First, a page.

Use this framework to determine priorities for different investments
Use this framework to work out if your strategies or tactics are worth the cost and the effort.
The idea of plotting effort versus reward or cost versus benefit has been around for over 100 years. It was first mooted by Jules Dupuit, a French engineer and economist in the mid-19th century and subsequently formalised by the famous economist Alfred Marshall.
Cost benefit analysis (CBA) is also sometimes referred to as the action priority matrix. It was originally developed to determine the social benefits of projects such as the construction of a road or a bridge. Its applications have been widened to cover almost any type of investment from public policies on health care through to determining the best investments in business. Indeed, most of us use this simple trade-off tool in our heads when we are deciding on any course of action. We want to know "Is it worth it?".
Typically the costs or the level of effort is measured on the horizontal axis. Costs and effort could be determined at a very simple level or an attempt may be made to build in time and other resources into the equation. On the vertical axis is measured in the benefit or the rewards that will be generated by the projects. Again, this could be a simple financial measurement or a more sophisticated analysis could take into consideration social benefits.
The tool is useful in business as it identifies the projects and activities that should receive focus as opposed to those that can be ignored. It can be used on a daily basis to determine how to prioritise a to-do list through to screening major projects that are part of a strategic plan. The more sophisticated analyses may require discounting the costs over time and measuring the risks of things going wrong by using a sensitivity analysis.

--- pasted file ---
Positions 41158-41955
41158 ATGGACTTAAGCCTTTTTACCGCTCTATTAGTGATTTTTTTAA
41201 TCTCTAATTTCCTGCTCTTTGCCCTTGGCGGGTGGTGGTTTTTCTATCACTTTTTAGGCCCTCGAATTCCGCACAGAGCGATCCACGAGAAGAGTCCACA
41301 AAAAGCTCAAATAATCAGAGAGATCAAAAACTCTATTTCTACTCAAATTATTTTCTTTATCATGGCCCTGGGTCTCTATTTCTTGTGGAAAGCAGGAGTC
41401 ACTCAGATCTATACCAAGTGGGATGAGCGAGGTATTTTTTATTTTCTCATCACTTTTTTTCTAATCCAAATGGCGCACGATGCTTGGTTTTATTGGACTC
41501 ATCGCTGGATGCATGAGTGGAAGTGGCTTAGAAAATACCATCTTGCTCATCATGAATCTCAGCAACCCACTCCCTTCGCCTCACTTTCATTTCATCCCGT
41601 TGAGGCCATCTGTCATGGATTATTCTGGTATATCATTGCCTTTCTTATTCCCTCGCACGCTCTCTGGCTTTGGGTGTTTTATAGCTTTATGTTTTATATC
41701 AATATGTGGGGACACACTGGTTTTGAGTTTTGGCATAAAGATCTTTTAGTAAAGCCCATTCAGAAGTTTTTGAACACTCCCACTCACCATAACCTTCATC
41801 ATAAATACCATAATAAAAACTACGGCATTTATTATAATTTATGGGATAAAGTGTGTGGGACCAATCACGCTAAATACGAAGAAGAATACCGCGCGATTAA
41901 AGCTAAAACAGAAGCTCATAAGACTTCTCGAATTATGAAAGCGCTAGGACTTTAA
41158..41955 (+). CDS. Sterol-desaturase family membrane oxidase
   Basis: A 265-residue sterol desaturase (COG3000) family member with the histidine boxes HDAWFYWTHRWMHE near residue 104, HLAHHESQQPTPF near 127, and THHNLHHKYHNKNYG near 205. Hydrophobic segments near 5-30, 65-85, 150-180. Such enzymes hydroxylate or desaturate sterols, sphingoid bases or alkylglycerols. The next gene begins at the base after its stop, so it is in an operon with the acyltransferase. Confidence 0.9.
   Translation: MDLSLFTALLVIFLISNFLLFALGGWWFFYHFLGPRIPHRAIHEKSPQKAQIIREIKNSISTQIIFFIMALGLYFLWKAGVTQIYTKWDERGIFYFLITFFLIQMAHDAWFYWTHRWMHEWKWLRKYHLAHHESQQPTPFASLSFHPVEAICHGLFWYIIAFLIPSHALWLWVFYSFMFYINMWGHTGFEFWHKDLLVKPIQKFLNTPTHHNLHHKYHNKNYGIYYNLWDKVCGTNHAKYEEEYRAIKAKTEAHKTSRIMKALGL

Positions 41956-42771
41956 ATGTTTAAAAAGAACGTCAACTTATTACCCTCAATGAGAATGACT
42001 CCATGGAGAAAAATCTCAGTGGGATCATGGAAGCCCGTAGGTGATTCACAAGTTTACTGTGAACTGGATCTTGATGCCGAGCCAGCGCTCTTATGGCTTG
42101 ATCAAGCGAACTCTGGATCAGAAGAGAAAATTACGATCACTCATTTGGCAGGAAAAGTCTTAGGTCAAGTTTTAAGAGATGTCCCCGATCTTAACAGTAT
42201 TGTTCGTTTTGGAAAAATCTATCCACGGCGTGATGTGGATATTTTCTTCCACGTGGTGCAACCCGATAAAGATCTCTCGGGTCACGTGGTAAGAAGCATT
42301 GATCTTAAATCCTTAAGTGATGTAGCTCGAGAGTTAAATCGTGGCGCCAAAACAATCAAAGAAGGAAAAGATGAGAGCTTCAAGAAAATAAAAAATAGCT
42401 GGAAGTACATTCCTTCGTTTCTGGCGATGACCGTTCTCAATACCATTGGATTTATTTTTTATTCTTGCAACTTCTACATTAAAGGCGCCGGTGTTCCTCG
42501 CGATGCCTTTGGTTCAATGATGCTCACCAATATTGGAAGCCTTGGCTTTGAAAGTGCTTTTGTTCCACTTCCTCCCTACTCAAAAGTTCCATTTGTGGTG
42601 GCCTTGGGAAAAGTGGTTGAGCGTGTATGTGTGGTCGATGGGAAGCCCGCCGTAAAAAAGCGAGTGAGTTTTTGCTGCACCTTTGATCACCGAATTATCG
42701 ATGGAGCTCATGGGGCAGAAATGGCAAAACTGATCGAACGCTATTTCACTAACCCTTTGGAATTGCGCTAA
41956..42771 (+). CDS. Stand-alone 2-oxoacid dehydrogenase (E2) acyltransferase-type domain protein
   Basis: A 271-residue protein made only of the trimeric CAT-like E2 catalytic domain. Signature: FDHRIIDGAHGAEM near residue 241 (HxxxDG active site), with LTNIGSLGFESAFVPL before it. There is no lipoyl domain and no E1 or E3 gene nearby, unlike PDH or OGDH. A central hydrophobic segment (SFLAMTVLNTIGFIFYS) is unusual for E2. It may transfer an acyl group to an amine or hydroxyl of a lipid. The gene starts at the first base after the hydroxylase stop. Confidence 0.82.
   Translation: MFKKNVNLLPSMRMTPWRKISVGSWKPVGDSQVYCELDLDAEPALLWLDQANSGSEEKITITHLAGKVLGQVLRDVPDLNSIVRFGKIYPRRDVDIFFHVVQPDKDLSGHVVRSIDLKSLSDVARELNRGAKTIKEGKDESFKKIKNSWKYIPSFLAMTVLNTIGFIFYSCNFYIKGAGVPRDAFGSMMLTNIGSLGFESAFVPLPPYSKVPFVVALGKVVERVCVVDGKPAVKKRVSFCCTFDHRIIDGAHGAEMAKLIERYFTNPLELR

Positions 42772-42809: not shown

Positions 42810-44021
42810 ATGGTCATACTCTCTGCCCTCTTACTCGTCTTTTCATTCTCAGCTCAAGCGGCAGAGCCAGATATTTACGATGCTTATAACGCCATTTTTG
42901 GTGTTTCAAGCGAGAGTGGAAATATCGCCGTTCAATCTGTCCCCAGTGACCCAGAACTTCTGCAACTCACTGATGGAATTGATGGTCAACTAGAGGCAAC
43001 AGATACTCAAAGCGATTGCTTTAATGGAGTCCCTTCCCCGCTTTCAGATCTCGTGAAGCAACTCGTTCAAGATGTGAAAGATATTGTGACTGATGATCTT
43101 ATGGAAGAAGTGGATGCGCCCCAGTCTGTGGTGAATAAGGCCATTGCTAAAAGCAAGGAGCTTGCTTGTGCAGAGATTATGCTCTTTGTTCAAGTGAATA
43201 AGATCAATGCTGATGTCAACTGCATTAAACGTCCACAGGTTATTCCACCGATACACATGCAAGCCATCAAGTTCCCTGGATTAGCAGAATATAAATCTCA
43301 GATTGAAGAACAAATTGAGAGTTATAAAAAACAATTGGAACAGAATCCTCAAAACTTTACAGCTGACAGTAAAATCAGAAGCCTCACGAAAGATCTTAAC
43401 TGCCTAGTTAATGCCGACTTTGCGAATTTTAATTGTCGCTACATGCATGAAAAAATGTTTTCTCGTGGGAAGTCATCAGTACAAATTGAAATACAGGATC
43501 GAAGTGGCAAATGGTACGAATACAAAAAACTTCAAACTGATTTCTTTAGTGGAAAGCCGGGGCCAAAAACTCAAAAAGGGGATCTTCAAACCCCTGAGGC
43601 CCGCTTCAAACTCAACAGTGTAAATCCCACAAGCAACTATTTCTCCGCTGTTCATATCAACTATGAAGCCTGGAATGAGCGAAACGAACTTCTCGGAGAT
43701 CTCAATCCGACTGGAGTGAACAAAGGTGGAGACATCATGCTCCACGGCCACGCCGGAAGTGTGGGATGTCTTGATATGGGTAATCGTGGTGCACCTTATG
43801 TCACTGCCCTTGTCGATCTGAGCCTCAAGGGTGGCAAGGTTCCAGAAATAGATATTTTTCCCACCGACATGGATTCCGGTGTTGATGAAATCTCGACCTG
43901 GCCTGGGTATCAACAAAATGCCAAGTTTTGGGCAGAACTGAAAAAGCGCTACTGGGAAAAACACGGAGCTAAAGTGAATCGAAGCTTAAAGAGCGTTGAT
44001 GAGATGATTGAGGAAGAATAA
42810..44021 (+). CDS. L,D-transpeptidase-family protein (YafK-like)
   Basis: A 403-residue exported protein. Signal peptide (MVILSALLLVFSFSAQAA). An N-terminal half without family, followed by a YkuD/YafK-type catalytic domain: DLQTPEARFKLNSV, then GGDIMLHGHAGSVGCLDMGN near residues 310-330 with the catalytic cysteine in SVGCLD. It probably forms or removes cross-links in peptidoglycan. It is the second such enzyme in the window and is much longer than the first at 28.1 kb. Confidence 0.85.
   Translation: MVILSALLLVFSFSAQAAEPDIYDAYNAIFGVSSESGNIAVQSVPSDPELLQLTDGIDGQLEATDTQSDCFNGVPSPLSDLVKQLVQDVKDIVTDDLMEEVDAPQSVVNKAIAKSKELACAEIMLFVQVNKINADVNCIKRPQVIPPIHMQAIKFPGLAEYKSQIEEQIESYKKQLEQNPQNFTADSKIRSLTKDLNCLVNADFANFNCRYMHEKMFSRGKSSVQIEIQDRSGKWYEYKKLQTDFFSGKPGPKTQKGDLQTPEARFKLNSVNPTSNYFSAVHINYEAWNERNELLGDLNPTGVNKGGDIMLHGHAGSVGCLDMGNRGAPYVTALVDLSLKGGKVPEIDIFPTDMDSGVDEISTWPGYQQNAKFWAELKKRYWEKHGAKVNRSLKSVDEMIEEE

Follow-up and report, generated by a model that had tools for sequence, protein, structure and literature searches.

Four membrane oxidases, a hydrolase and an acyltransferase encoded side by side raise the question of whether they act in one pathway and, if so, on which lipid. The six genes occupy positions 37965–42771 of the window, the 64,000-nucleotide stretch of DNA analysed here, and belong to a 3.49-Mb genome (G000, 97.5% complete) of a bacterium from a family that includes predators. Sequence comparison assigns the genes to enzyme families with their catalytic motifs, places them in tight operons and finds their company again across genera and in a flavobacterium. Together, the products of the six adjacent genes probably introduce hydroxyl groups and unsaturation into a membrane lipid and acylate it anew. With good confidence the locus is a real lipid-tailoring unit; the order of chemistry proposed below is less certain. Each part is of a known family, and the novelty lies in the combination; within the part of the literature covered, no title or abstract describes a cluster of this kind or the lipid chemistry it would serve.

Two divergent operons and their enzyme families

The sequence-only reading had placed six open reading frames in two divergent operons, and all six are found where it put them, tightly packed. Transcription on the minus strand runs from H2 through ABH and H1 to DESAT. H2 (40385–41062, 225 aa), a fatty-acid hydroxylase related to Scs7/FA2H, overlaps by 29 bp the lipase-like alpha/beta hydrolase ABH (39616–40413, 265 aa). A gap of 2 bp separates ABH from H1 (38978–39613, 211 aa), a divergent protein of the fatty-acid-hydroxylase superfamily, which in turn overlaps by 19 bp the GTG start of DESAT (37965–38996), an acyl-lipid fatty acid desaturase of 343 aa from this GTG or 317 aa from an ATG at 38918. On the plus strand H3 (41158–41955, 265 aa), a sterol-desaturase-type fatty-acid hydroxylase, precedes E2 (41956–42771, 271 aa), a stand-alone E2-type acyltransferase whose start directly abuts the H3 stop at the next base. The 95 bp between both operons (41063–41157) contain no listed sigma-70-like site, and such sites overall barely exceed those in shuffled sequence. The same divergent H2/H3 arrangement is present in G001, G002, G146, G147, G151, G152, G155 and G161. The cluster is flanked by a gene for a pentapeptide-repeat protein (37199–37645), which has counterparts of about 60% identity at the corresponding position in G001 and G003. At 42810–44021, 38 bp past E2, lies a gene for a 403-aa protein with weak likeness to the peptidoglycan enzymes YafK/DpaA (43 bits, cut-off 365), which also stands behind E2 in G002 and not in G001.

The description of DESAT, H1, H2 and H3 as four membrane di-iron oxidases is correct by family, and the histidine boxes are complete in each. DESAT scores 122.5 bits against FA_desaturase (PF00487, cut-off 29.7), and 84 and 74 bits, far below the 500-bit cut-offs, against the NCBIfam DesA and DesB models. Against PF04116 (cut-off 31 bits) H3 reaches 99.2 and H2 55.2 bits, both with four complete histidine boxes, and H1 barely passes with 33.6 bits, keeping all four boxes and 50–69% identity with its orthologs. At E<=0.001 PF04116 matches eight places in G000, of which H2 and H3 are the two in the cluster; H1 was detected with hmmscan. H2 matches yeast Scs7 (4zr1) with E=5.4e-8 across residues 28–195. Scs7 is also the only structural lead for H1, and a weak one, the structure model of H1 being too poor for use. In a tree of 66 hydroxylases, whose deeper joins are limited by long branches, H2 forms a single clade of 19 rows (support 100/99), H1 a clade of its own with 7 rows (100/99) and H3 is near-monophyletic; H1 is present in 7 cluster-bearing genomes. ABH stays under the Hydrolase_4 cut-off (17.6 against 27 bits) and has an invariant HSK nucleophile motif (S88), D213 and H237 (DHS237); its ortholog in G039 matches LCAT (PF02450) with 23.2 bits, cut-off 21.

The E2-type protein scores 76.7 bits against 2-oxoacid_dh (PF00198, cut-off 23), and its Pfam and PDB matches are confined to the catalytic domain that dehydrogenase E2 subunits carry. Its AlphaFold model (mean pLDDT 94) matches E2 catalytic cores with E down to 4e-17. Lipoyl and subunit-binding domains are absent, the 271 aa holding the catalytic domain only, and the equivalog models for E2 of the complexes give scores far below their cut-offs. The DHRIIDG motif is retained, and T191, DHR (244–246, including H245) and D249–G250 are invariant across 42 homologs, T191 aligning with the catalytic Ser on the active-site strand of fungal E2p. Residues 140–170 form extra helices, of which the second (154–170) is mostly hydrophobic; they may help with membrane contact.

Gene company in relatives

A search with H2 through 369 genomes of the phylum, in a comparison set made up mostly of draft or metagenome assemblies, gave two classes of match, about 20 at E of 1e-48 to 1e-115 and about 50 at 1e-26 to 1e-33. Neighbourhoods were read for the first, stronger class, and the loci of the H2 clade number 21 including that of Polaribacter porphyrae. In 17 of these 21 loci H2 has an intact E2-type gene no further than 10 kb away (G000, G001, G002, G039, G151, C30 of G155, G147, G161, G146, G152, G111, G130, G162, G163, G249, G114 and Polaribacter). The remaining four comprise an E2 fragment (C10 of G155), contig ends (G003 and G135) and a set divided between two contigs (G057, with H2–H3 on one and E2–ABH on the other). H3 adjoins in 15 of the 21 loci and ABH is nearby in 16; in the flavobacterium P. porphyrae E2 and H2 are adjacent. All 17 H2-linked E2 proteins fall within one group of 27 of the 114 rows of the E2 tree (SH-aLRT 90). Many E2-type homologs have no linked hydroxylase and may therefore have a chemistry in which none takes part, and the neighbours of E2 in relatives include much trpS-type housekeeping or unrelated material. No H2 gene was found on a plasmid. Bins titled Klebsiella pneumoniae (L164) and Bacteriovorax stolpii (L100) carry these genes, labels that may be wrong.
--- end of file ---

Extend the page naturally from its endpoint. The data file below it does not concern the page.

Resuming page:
Although the principle of cost benefit analysis is simple enough, it does require care and skill in its application:
Beware of value judgements – it isn't always easy to assign monetary values to the costs and the benefits. Different people using the tool may apply different values to the same factors. Some of the costs and benefits are difficult to quantify.
Judging time horizons can be difficult – the cost and the benefits that are under consideration must be seen on a spectrum of time. Will this action yield results over the next 12 months? It is easy to overestimate what can be achieved. Remember the maxim "Things always take longer than expected and cost more than you thought". Given that the payback is in the future, a cost benefit analysis should apply the discount rate as this can significantly influence the present value of future costs and benefits. Selecting an appropriate discount rate is subjective and based on assumptions.
Actions can have unanticipated consequences – a thorough cost benefit analysis may still miss something that could be associated with future outcomes. For example, the actions could have a detrimental effect on sustainability, or ethical issues which were not anticipated.
Some things to think about:
Define the Scope: Clearly define the scope and boundaries of the analysis, specifying what is included and excluded.
Identify Costs and Benefits: Distinguish between tangible (monetary) and intangible factors
Time Considerations: Consider the time value of money by discounting future cash flows to present value.
Opportunity Costs: Recognise and account for opportunity costs, which are the benefits foregone by choosing one alternative over another.
Distributional Impacts: Analyse the distributional effects of the costs and benefits on different stakeholders or groups.
Account for Intangibles: Include intangible factors like brand reputation, employee morale, or community goodwill that may be challenging to quantify but are important considerations.
Legal and Ethical Considerations: Ensure that the proposed action complies with legal and ethical standards.
Consistency with Organisational Objectives: Align the cost-benefit analysis with the broader company objectives and goals.
Communication and Transparency: Clearly communicate the assumptions, methodologies, and results of the analysis. Be transparent about uncertainties and limitations.
Revisit and Update: Regularly revisit and update the cost-benefit analysis as new information becomes available.